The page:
ERIC Number: ED315923
Record Type: Non-Journal
Publication Date: 1988
Correlates of Self Esteem in Adolescents with Spina Bifida.
Eckart, M. L.
The study examined correlates of self-esteem in 54 adolescents and young adults (ages 12-22) with spina bifida. Core issues identified were the relationships of global self-esteem and perceived competencies in specific areas, perceptions of control, and identification with the physically handicapped. Relationships of self-esteem to age, gender, and school placement were also explored. Self-esteem was measured by both self-report rating scales and behavioral ratings by teachers and parents. An introductory chapter discusses theories on self-esteem and reviews related research. Among reported results are the following: (1) Adolescents with spina bifida, like nondisabled adolescents, rated their own self-worth in congruence with the cultural norms for their gender. (2) Ratings of physical competence and appearance correlated with a self-report measure of self-esteem, but not with parental observations. (3) Self-ratings of competence were related to self-esteem, while teacher rating were not. (4) There was no corrleation between positive attitudes toward the disabled and self-esteem. (5) Older adolescents perceived significantly less internal control over events than did younger ones. In general, there were some gender differences in the correlates of self-esteem. The findings of the study were inconclusive about trends in self-esteem. References and seven tables are provided. (JW)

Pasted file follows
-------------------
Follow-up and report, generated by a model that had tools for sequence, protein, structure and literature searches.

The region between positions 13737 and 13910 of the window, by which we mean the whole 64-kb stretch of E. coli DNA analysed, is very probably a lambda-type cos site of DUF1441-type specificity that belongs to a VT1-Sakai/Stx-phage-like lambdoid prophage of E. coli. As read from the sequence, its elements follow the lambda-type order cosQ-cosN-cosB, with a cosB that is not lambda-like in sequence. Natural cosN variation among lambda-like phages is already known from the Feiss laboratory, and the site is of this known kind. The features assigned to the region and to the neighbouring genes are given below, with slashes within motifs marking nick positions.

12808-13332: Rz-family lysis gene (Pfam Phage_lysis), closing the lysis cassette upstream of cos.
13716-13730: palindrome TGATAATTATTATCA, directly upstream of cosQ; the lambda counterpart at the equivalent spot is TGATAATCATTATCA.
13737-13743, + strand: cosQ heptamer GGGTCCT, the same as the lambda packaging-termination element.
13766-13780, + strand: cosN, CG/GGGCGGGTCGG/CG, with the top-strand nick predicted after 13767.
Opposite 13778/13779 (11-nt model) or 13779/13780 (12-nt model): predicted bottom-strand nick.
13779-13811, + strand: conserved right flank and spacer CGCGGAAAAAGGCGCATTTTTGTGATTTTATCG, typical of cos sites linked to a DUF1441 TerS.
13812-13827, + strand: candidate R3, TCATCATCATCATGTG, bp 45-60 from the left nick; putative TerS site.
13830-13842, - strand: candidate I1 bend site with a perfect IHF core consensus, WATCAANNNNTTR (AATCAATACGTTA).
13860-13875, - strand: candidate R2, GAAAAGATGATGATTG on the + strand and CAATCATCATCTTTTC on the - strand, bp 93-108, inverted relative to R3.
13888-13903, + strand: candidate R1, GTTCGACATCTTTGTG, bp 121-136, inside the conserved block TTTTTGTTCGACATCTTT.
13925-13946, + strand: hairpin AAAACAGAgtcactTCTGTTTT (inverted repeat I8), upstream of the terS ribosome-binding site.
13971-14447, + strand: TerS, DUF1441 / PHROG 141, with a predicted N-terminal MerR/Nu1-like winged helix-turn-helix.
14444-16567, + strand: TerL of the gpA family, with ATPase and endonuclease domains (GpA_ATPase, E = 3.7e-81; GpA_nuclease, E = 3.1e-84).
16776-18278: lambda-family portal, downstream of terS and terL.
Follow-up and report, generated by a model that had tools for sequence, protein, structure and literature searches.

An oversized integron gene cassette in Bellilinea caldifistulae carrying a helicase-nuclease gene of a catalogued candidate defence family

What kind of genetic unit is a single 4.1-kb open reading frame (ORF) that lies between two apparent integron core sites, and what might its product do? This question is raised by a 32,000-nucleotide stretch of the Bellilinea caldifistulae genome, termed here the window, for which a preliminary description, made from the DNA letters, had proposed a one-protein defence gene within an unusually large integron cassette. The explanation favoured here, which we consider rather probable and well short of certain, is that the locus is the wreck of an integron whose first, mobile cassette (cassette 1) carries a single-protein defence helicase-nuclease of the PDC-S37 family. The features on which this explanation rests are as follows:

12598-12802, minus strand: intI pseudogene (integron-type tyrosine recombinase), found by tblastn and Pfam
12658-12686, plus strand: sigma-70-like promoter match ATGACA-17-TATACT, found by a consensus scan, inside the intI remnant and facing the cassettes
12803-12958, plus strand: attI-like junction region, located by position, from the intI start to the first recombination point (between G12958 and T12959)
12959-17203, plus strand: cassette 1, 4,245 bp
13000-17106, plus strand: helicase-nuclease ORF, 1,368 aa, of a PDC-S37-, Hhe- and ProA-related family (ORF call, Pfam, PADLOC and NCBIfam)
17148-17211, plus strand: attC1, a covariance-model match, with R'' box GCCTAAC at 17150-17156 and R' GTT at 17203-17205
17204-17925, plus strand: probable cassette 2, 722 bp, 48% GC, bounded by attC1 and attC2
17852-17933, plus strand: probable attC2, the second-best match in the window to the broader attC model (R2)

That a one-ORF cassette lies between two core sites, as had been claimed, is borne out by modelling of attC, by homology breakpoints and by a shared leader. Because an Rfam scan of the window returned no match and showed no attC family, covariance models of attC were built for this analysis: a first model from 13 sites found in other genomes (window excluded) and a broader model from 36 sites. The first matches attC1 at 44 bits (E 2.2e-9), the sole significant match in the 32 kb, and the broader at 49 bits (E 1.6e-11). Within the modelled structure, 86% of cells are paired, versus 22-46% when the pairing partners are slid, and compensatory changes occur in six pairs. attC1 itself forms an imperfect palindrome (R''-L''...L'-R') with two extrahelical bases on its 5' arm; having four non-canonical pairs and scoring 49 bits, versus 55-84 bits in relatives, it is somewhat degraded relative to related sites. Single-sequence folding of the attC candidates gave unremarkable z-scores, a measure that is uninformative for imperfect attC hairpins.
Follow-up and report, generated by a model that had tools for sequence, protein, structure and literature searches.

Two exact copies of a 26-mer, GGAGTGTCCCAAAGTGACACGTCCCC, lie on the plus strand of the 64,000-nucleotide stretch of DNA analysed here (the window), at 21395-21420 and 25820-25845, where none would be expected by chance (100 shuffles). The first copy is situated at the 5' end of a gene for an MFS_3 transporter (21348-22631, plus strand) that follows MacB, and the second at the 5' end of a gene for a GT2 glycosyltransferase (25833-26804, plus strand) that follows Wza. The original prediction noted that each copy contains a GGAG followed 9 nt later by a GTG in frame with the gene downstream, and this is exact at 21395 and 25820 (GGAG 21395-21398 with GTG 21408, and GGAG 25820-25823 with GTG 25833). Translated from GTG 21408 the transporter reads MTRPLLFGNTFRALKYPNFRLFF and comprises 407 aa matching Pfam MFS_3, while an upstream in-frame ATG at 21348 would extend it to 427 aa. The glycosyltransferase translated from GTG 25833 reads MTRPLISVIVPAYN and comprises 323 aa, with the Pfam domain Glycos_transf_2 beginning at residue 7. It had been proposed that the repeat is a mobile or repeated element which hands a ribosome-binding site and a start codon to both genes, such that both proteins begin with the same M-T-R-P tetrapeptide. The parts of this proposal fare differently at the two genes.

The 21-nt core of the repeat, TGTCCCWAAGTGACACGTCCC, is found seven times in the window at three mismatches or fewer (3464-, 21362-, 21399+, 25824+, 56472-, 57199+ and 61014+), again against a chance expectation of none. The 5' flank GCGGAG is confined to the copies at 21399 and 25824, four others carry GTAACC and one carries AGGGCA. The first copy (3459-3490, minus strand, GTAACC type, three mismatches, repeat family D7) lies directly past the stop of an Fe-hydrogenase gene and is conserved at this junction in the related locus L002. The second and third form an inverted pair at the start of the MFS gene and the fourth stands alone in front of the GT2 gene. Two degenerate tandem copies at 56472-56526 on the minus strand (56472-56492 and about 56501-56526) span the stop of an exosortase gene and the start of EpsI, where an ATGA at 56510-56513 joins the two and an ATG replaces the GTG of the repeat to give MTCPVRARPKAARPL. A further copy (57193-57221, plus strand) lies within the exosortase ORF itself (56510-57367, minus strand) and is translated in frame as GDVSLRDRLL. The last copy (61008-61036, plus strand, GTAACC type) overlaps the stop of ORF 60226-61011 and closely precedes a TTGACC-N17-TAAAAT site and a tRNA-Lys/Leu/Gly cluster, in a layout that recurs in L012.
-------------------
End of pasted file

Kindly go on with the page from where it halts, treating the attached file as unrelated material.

Publication Type: Dissertations/Theses - Doctoral Dissertations; Reports - Research
Education Level: N/A
Authoring Institution: N/A